differences between cpap, apap, vpap

What’s The Difference Between CPAP, VPAP And APAP Breathing Machines?

When it comes to breathing assistance machines, many people immediately think of the CPAP machine.  In actuality, there are three different devices for breathing assistance that are all relatively common. It is extremely important for people suffering from breathing problems to know the different kinds of machines that are available for assistance. The three most common breathing assistance machines are the CPAP, the VPAP, and the APAP.

CPAP therapy, more commonly referred to as Continuous Positive Airway Pressure, is the most recognized form of breathing assistance. CPAP therapy is most commonly used by people who suffer from sleep apnea; both obstructive apnea and mixed apnea. This form of therapy consists of a small machine that blows air, a tube, and a mask. The mask is worn on the face when sleeping, and air from the machine is pushed through the tube into the mask. The air pushed in through the mask has enough pressure to keep the airway open while sleeping. Keeping the airway full and open reduces the risk of any obstructions that could cause the cessation or stopping of airflow during sleep.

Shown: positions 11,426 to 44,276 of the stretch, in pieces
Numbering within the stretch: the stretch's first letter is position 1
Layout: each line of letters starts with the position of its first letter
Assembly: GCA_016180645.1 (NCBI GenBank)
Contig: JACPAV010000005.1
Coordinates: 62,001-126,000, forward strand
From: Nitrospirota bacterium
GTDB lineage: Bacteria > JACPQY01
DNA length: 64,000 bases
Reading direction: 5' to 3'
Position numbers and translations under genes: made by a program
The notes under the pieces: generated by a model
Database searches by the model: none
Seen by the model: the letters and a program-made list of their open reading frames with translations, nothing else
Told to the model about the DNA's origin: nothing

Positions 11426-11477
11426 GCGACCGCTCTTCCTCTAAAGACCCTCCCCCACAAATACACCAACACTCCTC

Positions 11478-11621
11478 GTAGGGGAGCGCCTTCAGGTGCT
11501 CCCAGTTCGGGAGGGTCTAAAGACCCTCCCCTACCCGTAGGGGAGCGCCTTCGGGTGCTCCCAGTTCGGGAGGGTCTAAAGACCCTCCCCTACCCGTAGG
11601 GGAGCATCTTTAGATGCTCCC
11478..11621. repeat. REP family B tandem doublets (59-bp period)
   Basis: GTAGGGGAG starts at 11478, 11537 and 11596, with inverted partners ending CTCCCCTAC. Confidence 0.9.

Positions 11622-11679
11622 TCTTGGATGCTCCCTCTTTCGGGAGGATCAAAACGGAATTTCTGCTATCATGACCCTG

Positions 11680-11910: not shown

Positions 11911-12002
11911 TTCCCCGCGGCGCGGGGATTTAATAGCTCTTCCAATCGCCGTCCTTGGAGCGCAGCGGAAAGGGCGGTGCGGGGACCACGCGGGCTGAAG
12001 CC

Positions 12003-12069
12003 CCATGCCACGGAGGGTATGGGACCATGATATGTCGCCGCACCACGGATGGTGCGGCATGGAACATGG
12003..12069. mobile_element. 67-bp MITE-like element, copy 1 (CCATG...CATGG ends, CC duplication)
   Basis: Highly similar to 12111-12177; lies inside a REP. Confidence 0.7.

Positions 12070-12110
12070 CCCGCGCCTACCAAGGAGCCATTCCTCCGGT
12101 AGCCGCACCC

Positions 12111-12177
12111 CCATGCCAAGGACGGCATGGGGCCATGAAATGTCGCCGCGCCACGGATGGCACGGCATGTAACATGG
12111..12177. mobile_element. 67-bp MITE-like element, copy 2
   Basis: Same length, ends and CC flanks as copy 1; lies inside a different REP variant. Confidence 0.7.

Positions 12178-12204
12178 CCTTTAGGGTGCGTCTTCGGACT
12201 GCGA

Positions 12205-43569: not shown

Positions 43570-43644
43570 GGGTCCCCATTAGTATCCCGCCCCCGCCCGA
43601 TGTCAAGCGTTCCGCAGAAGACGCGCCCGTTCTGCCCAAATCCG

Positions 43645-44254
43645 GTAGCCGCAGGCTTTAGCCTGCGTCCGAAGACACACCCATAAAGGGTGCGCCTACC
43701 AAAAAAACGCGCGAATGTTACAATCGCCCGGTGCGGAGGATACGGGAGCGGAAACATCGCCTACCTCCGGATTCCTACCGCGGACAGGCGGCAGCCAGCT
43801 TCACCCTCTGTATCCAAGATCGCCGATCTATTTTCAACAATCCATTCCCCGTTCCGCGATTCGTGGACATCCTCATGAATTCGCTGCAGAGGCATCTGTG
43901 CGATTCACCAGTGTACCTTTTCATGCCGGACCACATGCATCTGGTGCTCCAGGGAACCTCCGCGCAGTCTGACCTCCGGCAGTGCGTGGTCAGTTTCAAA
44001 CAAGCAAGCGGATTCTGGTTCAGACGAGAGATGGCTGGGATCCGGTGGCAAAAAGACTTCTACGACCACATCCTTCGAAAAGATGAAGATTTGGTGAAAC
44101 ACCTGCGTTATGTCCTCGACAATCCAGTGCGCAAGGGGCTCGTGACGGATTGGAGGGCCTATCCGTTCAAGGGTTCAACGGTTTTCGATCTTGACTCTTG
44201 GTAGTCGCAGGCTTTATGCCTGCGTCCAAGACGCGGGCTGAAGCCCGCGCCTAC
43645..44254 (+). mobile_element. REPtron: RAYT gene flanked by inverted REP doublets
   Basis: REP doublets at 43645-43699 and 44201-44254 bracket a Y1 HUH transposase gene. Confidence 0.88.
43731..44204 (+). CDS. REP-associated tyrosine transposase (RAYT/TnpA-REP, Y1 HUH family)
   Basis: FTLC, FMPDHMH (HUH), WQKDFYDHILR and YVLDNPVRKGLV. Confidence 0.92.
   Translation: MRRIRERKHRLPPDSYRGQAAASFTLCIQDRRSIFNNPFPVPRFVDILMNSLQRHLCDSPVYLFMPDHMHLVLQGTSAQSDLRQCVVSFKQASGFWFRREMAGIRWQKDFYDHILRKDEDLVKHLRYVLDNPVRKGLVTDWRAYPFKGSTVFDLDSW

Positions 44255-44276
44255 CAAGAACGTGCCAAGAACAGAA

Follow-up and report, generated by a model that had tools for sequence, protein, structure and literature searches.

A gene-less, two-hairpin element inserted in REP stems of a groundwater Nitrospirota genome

VPAP therapy, variable positive airway pressure, is a lot like CPAP therapy; the components of the machine and the basic function are the same. Air pressure is being created in a machine and inspirited through a mask. The key difference is the way that air is created and expelled through the machine. Instead of emitting a constant stream of pressurized air like CPAP machines do, variable positive airway pressure machines only emit the air that is required for the user. The machine registers the inspirations and expirations of the sleeper, and delivers different amounts of air during different periods of the night. More air is emitted when a person is inspiriting because more support is needed to keep the airway open. In congruence, the machine emits less air during expiration. VPAP is also commonly called bi-level positive airway pressure, and is notably more expensive than CPAP.

Automatic positive airway pressure, APAP, is the most up to date breathing assistance machine. The machine is equipped with pressure sensors and a computer that work together to constantly monitor how much a person is breathing. The computer automatically adjusts the pressure of air being released to meet the immediate needs of the user. When a person is having difficulty breathing, the pressure is increased; it decreases when the pressure is not needed as much. It is still a relatively experimental machine, but it has been approved by the FDA.

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